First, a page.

HTTP Range Refer

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Introduction

This proposal specifies an ordered list of tuples of (URI, byte range) which the concatenation of is byte-wise identical to the byte contents of the requested URI

This response can also contain data, so if you want to refer to this response you can include a tuple of (this, range) where this is the literal string "this", and refers to the body of the current response.

This syntax then allows the server to include parts from many different URLs. The custom data is then centralized in this response, and can be used for any parts of construction of the response so that it can be used for tail data (such as ID3 tags, DIVX seek tables etc.)

Headers

Request header:

       Accept-Range-Refer:

Response:

       Range-Refer:
       Vary: Accept-Range-Refer

As the response is negotiated, it must include a Vary header.

Accept-Range-Refer specifies accepted units for range referral, eg:


       Accept-Range-Refer: bytes

The response consists of [a list of] URIs, range units and ranges within them, eg:

       Range-Refer: URL1 bytes a-b

It optionally contains an ETag for the URL being referred to.

List and tuple separator characters

The list separator should be commas, as this then allows the list to be separated over HTTP response lines (without re-ordering).

Hence the tuple separator should not be commas; it can simply be whitespace:

   Range-Refer: http://www.example.com/video.ogv?headers bytes 0-1280
   Range-Refer: http://content1.example.com/video.ogv bytes 5380-48204
   Range-Refer: this bytes 0-950
   Range-Refer: http://content1.example.com/video.ogv bytes 60880-238382

By comma replacement, this set of headers is equivalent to the single header:

   Range-Refer: http://www.example.com/video.ogv?headers bytes 0-1280, http://content1.example.com/video.ogv bytes 5380-48204, this bytes 0-950, http://content1.example.com/video.ogv bytes 60880-238382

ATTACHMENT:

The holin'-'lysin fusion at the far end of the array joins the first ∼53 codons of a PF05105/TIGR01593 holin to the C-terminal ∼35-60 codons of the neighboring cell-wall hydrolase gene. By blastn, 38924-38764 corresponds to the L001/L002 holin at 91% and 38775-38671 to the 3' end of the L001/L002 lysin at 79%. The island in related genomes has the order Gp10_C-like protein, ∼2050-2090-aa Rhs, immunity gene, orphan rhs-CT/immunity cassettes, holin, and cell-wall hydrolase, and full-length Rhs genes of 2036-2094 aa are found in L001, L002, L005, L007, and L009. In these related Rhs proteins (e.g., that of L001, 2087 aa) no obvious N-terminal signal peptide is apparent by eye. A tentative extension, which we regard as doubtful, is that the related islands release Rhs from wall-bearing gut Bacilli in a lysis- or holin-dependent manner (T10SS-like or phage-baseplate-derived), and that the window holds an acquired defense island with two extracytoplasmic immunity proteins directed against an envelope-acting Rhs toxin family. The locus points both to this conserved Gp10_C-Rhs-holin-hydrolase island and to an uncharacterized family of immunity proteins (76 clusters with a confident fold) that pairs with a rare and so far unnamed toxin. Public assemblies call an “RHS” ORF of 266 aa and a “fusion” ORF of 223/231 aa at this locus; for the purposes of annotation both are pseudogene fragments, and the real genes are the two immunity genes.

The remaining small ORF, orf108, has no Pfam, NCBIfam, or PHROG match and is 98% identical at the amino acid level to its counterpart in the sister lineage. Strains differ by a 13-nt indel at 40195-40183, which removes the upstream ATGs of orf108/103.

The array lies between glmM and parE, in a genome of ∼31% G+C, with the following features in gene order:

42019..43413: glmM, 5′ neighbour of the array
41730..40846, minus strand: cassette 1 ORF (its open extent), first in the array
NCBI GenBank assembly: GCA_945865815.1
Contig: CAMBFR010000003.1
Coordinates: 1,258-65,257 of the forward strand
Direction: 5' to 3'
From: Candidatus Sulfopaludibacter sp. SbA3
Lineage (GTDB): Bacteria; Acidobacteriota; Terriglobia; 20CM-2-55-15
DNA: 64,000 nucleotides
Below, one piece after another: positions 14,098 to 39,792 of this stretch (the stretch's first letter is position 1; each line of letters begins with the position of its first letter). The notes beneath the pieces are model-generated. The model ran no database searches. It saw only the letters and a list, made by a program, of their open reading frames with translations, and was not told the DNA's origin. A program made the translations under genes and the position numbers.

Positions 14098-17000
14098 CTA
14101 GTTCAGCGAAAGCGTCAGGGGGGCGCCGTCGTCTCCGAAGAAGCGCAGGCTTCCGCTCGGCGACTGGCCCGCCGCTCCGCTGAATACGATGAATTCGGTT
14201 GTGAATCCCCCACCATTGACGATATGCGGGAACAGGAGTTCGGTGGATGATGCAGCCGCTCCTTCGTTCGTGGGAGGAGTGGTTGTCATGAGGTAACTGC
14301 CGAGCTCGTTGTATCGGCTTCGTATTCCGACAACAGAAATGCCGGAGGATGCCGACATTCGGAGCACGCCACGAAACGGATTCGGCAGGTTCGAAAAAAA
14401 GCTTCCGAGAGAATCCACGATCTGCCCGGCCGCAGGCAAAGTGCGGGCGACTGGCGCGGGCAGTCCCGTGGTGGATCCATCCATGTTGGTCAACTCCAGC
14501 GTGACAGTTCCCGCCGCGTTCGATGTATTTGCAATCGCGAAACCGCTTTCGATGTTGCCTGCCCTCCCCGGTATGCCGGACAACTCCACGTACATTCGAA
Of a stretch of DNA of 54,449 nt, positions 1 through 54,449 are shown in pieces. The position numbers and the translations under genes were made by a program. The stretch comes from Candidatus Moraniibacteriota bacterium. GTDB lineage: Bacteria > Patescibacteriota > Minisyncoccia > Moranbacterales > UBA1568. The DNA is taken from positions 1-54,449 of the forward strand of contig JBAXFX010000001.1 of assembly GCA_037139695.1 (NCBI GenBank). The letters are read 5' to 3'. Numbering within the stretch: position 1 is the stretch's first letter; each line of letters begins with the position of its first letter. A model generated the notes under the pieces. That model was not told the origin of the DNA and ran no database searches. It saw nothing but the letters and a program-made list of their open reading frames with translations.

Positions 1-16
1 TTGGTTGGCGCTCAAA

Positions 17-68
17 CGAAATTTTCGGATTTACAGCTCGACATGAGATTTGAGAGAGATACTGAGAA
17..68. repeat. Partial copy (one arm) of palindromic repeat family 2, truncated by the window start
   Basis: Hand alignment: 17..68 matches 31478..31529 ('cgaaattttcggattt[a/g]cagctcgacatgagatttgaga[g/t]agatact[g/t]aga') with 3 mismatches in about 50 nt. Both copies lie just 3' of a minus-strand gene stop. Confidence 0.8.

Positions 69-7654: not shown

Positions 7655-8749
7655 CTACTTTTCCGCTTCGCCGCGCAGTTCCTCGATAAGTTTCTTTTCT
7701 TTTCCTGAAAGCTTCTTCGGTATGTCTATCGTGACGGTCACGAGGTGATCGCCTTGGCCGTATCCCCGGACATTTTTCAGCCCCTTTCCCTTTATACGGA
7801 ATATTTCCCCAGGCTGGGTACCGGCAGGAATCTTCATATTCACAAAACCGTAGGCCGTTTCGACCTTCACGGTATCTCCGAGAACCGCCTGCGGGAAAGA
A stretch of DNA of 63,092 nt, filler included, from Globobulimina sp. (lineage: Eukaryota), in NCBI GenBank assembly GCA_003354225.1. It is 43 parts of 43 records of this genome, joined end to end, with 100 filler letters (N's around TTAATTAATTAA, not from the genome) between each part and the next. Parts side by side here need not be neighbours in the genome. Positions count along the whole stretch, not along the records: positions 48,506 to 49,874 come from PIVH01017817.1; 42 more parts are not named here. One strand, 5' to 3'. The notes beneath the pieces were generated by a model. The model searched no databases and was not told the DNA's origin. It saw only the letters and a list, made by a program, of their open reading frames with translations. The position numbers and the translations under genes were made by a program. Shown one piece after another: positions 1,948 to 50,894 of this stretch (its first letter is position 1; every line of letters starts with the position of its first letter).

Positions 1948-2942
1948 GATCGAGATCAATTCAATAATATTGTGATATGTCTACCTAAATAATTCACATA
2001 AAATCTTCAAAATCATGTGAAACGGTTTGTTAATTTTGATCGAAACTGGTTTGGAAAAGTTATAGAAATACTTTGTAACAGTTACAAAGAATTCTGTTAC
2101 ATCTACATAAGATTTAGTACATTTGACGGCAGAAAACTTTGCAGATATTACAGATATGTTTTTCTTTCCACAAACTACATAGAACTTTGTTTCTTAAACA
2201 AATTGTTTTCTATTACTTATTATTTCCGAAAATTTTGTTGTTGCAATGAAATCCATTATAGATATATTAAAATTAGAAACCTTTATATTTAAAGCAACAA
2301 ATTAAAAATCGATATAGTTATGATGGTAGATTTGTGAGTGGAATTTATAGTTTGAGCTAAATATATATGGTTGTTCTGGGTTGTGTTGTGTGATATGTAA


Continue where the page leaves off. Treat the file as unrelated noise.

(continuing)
Interpretation of other response headers

The body of this request is simply all the custom parts for this view, concatenated bytewise. The Range-Refer header explains how to use this data.

Content-Length: is the length of the body.

A Range request is made relative to the body. So for example a client could just do a HEAD request to get the Range-Refer headers, and then do multiple Range requests to retrieve the required parts in sequence (rather than locally caching all the data for tailers etc.). Coherence of the concatenated responses can be assured by the use of existing HTTP/1.1 caching identifiers.

So, this constructed response is only special in that a user agent knows how to use it in conjuction with other URI response data to display a media segment. Otherwise it is standard HTTP, and can have caching headers/tags attached, be cached by intermediate proxies, and itself be the subject of range requests.

Generalization to other segment types

This mechanism allows a complex sequence of byte-ranges to be specified. It explicitly marks data ranges which are re-usable, allowing them to be cached. It generalizes so that any complex data subview can be served, where re-usable data is keyed canonically and can be cached on the network.

For example, it may be useful for specifying the data for a spatial subrange of video.